How To: Pick Your Politics (Part II)

Now that we’ve finished the easy part of choosing your personal politics, the real challenge is up next: turning those individual preferences into society-wide shifts. Now, this is the citizen’s guide to political activism, not a guide to becoming a major activist or world-changer on a huge scale. This won’t turn you into a Congressperson or political activist; it is only a roadmap to small, frequent political actions you can take for yourself to see if your political goals are being met.

That starts by staying aware of the developments and changes happening in topics that you care about. Something as simple as setting up a Google alert can let you get information on the topics that are most important to you. That does not mean that you have to be an expert, but it does mean that you have a working understanding of the groups that are already involved in the topic, the general interests that people represent and what the major historic milestones are. Example: if you care a lot about civil rights,  you would know that the NAACP, HRC and ACLU are big organizations working in that field, that people generally want civil rights to expand, contract or gain definition, and that the Civil Rights Act, Voting Rights Act and Title IX are big milestones anchoring the current understanding of civil rights.

The next step is really an extension of the first one: know who shares your politics. Now, the real magic of this one is that people who largely disagree on things can still have a tiny point of agreement. If you want to get something done, you’ll need to bring in everyone that shares your specific goal, even if you don’t share anything else. For example: northern and urban Democrats partnered with most Republicans to pass the Civil Rights Act in 1964. This didn’t happen because Republicans and urban Democrats had tons and tons in common; they were largely opponents. But they both felt that the Civil Rights Act would be best for the country, and they were able to partner to get it done.

Once you’ve built your alliance, you’ll need to use pressure whenever you can. On issues that are important to your coalition, push from all directions. Whenever your topic is mentioned on the news, whenever a Congressperson or Senator has a town hall, whenever you see a representative at a fair or event, remind them of the goal you and your coalition share. This doesn’t have to happen every single time, but the more important a goal is, the more pressure from more directions you’ll need to apply. It also helps to have a goal that is very broad. The more people that you have on your side, the more often the representative or executive will hear about the issue, even when they aren’t expecting it. Example: the marches of the Civil Rights Movement and the reaction they inspired provided a lot of pressure on elected officials to make changes to a system that seemed clearly unequal and unfair, despite the 14th Amendment.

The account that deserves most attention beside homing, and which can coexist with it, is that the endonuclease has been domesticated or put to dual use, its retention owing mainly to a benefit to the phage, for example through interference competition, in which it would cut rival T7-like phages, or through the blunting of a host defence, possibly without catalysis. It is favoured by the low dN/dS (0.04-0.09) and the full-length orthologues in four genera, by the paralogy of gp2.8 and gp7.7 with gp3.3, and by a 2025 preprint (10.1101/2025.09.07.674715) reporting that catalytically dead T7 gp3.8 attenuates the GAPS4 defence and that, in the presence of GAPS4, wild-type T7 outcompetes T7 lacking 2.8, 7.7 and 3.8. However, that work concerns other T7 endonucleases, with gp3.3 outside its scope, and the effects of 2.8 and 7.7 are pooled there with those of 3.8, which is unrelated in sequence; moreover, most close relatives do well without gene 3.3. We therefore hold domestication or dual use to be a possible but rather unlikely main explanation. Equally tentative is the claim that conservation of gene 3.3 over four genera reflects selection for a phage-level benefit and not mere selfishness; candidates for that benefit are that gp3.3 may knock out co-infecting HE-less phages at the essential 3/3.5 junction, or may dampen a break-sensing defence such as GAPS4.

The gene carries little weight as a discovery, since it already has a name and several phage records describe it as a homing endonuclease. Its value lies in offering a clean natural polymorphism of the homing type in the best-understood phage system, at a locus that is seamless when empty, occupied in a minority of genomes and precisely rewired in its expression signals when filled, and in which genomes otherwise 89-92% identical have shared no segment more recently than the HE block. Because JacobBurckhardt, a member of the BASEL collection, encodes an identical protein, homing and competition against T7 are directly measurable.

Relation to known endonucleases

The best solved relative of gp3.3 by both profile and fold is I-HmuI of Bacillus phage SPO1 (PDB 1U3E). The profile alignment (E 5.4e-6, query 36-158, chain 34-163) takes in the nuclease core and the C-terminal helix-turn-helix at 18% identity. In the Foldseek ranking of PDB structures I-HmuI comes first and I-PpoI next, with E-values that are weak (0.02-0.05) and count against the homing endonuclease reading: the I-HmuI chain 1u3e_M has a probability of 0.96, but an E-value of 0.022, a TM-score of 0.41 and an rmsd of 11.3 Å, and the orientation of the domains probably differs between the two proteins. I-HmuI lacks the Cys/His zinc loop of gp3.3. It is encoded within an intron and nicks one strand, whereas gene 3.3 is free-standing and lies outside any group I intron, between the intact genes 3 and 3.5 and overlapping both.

Lastly, be prepared to compromise. You may be 100% committed to a goal, but your elected official has other principles or is less committed. Maybe your coalition isn’t very large. Maybe they think going for all of it is too much or will be too complicated for their colleagues to manage at once. Remember that your goals will only be as easy to achieve as they are popular, regardless of how right they may be. So if you can get halfway, go back to the end of Part I and ask if that’s enough for now. And then keep trying to get the other half once the first part has settled in and the effects are felt. Example: the leaders of the Civil Rights Movement really wanted voting rights addressed, as they felt that many of their gains in day-to-day civil rights would not hold if they could not address the disparity and terrorism that affected the ballot. Yet the Civil Rights Act did not help voting rights. Instead, the movement settled for the dismantling of segregation first and fought for an explicit law on voting rights until the Voting Rights Act was signed into law the following year.

Was that so painful? (Don’t answer that.) Much of this is straightforward and doesn’t take up too much time in your life. Keeping each step in mind will help you achieve many goals as a citizen, even if you never end up marching or organizing at a high level. This isn’t a guarantee, just a guide, but hopefully it will help move your action where you want.

Happy politicking!

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